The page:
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Lives to Remember

Lives to Remember

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As summer came to a close, and within a seventy-two-hour span, we lost three brilliant individuals who made extraordinary contributions to our understanding of the human condition. All of us interested in enlightenment and personal growth—which most often includes those of us in directly involved in mental health treatment and addiction recovery—owe our gratitude to:

 

  • Oliver Sacks (1933–2015)
  • Garrett O’Connor (1937–2015)                           
  • Wayne Dyer (1940–2015) 

 

Oliver Sacks, MD, was a great storyteller who spent his life bridging science and the human spirit. A renowned neurologist and writer, Dr. Sacks explored the mysteries of the human brain in a series of best-selling books including The Man Who Mistook His Wife for A Hat, Awakenings, and The Island of the Color Blind—all about unusual medical conditions. London-born, Dr. Sacks worked in recent years as professor of neurology at the NYU School of Medicine. The New York Times called him the “Poet Laureate of Medicine.”

 

Garrett O’Connor, MD, a leading Irish psychiatrist, was in personal recovery from alcoholism for over thirty-five years and is widely known for using his own life story as a tool for teaching patients, medical students, and fellow physicians about recovery. Dr. O’Connor, former president and first CEO of The Betty Ford Institute, received a Lifetime Achievement Award in 2011 from the California Society of Alcoholism. The inscription read, “Garrett O’Connor, who speaks for the ‘invisible people’ and inspires us to do the same.” Dr. O’Connor’s expertise and background in addiction treatment and psychiatry are unparalleled.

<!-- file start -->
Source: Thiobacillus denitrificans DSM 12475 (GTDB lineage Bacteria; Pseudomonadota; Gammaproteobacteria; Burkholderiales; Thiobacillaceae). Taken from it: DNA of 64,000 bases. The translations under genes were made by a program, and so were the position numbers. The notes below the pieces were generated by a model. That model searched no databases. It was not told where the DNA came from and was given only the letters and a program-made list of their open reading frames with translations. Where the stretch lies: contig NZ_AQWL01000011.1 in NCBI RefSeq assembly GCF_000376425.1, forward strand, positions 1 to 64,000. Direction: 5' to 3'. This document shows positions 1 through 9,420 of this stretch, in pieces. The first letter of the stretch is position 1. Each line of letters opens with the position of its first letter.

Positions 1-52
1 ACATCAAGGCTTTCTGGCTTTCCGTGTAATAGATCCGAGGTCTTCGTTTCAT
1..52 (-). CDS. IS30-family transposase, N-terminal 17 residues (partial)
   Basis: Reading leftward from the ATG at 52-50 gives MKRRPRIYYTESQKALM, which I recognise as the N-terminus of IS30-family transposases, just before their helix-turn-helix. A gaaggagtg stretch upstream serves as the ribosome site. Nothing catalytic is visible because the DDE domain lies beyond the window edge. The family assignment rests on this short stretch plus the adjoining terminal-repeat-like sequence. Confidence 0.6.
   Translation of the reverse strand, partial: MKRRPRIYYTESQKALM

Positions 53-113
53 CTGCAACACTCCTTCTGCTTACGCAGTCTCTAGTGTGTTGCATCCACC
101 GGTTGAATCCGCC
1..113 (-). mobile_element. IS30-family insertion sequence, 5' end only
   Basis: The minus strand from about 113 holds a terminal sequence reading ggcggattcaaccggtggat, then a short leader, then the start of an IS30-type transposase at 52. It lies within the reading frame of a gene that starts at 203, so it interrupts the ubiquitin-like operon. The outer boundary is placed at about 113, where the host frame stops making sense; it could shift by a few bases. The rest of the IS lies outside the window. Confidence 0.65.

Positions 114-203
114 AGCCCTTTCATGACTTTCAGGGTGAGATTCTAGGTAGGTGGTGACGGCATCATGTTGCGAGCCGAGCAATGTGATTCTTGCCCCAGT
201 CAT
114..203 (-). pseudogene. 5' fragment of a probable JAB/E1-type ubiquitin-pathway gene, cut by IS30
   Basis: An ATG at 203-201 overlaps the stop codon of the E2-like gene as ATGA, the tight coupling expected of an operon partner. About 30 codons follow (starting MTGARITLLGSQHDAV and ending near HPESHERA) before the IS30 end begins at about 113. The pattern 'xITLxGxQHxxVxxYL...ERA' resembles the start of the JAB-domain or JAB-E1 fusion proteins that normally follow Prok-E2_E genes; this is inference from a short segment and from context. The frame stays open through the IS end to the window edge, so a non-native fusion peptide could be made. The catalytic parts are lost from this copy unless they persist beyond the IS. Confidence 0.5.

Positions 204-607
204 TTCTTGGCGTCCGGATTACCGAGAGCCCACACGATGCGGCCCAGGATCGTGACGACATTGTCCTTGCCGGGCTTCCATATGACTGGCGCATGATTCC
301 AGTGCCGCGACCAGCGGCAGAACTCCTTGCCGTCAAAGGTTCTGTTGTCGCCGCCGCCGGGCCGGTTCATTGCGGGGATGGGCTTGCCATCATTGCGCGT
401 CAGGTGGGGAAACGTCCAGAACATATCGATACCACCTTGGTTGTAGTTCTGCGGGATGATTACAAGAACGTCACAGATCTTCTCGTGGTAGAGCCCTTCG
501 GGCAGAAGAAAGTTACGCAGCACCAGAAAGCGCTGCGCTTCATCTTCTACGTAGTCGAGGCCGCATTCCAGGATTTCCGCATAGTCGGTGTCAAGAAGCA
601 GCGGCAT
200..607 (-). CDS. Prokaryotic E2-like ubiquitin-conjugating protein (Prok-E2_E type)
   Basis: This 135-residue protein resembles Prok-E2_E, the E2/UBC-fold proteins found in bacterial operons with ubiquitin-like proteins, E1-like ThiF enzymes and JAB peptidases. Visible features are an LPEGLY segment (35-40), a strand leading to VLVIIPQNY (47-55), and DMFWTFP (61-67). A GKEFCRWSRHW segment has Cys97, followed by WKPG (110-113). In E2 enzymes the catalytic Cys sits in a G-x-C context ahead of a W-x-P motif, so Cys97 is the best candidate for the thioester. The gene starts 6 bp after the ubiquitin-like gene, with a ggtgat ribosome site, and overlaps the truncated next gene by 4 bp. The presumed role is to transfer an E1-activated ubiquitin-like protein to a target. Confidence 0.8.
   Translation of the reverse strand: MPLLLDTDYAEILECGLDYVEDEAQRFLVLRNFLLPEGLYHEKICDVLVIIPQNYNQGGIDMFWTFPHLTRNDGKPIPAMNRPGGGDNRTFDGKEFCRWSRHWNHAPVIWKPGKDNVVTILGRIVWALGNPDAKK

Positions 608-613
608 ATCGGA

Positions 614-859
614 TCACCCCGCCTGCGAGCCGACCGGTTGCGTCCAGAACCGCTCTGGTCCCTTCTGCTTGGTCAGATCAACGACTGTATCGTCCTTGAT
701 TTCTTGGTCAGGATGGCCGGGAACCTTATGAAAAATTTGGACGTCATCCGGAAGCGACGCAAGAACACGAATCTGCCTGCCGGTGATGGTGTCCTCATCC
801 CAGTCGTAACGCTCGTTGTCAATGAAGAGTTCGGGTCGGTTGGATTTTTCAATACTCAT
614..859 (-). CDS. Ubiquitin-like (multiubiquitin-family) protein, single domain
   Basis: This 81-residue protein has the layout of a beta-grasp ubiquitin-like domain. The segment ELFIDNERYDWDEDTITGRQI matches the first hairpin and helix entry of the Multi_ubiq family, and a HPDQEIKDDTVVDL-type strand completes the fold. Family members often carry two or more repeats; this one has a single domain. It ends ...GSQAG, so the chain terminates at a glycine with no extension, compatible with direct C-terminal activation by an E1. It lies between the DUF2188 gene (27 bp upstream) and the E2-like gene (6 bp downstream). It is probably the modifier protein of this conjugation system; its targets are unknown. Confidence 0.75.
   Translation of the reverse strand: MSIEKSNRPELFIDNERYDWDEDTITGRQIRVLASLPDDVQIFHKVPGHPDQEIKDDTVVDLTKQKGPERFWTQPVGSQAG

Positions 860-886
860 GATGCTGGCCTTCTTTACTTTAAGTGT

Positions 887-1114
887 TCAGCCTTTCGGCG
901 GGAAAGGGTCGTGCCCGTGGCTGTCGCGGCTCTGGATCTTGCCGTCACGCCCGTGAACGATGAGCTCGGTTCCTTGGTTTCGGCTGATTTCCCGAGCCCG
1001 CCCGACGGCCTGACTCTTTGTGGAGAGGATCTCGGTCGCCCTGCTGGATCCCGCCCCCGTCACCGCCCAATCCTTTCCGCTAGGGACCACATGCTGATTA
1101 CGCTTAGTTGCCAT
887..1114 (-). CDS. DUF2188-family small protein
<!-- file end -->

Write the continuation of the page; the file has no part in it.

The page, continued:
Wayne Dyer, a self-help pioneer and spiritual teacher, is known to millions of fans as the “Father of Motivation.” He spent part of his childhood in orphanages and foster homes before serving in the US Navy and then earning his doctorate in educational counseling. His first book, Your Erroneous Zone, is one of the best-selling books of all time. After publishing a string of best-selling books and ten PBS specials on the practical psychology of self-improvement, Dyer focused on the spiritual aspects of human experience. “My purpose,” he said, “is to help people look at themselves and begin to shift their concepts. Remember, we are not our country, our race or our religion. We are eternal spirits. Seeing ourselves as spiritual beings without label is a way to transform the world and reach a sacred place for all of humanity.”

 

This holiday season, as we spend time with friends and family, think about loved ones who have passed, and continue on our journey of helping those who suffer from addiction and behavioral health disorders, we remember these influential members of the field and share their messages of hope and service. 

 

Happy holidays. 
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